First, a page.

If you click the button, you see "ButtonID" instead of "1". The reason is that, the button is making the call. So, the call is made within the button object's context and thus "this" maps to the button object. Similarly, when XML HTTP raises the event onreadystatechanged which Atlas traps and fires the callback, the code execution is still on the XML HTTP's context. It's the XML HTTP object which raises the event. As a result, "this" refers to the XML HTTP object, not your own class where the callback is declared. In order to make the callback fire on the context of the instance of the class so that "this" refers to the instance of the class, you need to make the following change:
function SampleClass() { = 1; = function() { TestService.DoSomething( "Hi", Function.createDelegate( this, function(result) { debug.dump( ); } ) ); } }

Here, the Function.createDelegate is used to create a delegate which calls the given function under the "this" context. Function.createDelegate is defined in AtlasRuntime:
Function.createDelegate = function(instance, method) { return function() { return method.apply(instance, arguments); } }


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HTTP POST is slower than HTTP GET but it is default in ASP.NET AJAX
ASP.NET AJAX, by default, makes HTTP POST for all web service calls. HTTP POST is more expensive than HTTP GET. It transmits more bytes over the wire, thus taking precious network time, and it also makes ASP.NET do extra processing on the server end. So, you should use HTTP GET as much as possible. However, HTTP GET does not allow you to pass objects as parameters. You can pass numerics, string, and date only. When you make an HTTP GET call, Atlas builds an encoded URL and makes a hit to that URL. So, you must not pass too much content which makes the URL become larger than 2048 chars. As far as I know, that's what is the max length of any URL. In order to enable HTTP GET on a web service method, you need to decorate the method with the [ScriptMethod(UseHttpGet=true)] attribute:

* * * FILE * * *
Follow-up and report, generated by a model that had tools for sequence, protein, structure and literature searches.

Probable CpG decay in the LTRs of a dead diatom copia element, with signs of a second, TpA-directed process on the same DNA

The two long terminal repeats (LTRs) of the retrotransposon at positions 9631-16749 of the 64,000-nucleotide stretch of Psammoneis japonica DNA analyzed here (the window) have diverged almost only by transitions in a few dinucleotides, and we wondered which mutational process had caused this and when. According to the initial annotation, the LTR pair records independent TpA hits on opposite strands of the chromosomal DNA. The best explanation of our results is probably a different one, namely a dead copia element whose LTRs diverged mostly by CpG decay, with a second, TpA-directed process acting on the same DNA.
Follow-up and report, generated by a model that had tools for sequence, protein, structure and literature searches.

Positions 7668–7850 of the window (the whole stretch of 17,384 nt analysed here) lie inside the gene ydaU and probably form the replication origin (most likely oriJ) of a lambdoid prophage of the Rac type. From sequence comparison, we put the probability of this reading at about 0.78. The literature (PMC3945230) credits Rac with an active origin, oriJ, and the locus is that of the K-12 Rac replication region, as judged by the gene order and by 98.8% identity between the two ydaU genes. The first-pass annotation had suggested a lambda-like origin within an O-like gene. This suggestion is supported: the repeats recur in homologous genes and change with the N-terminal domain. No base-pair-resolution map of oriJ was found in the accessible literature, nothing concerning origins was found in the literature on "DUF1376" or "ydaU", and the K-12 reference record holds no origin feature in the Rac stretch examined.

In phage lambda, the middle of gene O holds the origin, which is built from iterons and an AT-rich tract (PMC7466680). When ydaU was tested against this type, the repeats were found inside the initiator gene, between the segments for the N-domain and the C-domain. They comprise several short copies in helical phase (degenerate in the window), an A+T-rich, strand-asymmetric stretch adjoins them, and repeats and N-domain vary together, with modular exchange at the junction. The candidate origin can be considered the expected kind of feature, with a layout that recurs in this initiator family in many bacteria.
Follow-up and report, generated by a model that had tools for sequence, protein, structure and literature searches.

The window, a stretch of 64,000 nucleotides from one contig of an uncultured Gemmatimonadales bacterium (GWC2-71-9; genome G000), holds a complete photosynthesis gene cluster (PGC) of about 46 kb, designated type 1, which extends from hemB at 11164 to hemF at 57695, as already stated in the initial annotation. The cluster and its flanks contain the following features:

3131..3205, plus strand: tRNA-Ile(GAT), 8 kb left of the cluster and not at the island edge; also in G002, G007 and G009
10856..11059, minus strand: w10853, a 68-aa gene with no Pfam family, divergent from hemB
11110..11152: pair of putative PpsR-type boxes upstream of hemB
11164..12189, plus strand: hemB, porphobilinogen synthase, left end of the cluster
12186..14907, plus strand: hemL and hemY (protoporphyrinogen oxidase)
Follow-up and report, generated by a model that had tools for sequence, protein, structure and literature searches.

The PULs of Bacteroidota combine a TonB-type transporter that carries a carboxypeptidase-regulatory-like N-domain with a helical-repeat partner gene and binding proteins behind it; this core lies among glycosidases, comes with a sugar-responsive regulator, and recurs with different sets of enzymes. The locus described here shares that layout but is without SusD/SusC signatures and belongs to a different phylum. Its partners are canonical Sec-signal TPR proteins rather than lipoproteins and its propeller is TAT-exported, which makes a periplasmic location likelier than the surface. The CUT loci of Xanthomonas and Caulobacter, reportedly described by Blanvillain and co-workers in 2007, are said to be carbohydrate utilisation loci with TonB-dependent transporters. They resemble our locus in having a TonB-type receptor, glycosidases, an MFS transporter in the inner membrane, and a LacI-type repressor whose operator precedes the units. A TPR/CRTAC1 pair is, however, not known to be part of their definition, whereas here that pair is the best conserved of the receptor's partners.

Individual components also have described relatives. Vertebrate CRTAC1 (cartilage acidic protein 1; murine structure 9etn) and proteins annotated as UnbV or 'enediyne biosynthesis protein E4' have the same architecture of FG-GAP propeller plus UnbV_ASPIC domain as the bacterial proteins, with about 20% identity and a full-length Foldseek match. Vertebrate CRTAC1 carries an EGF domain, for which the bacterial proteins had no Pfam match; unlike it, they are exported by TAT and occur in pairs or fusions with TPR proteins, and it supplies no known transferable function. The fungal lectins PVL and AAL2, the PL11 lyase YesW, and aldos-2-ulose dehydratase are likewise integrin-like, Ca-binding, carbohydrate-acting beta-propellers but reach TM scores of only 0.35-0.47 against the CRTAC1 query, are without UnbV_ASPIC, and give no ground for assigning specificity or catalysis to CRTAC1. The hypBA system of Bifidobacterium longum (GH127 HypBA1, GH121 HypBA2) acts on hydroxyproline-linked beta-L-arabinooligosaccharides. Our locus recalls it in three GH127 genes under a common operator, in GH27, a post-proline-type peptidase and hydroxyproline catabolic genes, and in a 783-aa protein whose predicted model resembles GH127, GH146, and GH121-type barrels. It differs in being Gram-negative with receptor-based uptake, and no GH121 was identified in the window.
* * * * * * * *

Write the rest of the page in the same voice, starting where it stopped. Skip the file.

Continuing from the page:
[WebMethod] [ScriptMethod(UseHttpGet=true)] public string HelloWorld() { }

Another problem of POST vs. GET is, POST makes two network roundtrips. When you first make a POST, the web server sends an "HTTP 100 Continue" which means that the web server is ready to accept the content. After that, the browser sends the actual data. So, initiation of a POST request takes more time than GET. Network latency (roundtrip time between your computer and the server) is the biggest concern in AJAX applications because AJAX makes many small calls which needs to be done within milliseconds. Otherwise the application does not feel smooth and creates user annoyance. Ethereal is a nice tool to see what happens under the hood on POST and GET:

From the above picture, you see that POST requires a confirmation from the web server: "HTTP/1.1 100 Continue" before sending the actual data. After that, it transmits the data. On the other hand, GET transmits the data without waiting for any confirmation. So, you should use HTTP GET while downloading data from a server like parts of pages, contents in a grid, or a block of text etc. But you should not use HTTP GET to send data to a server like submission of web forms.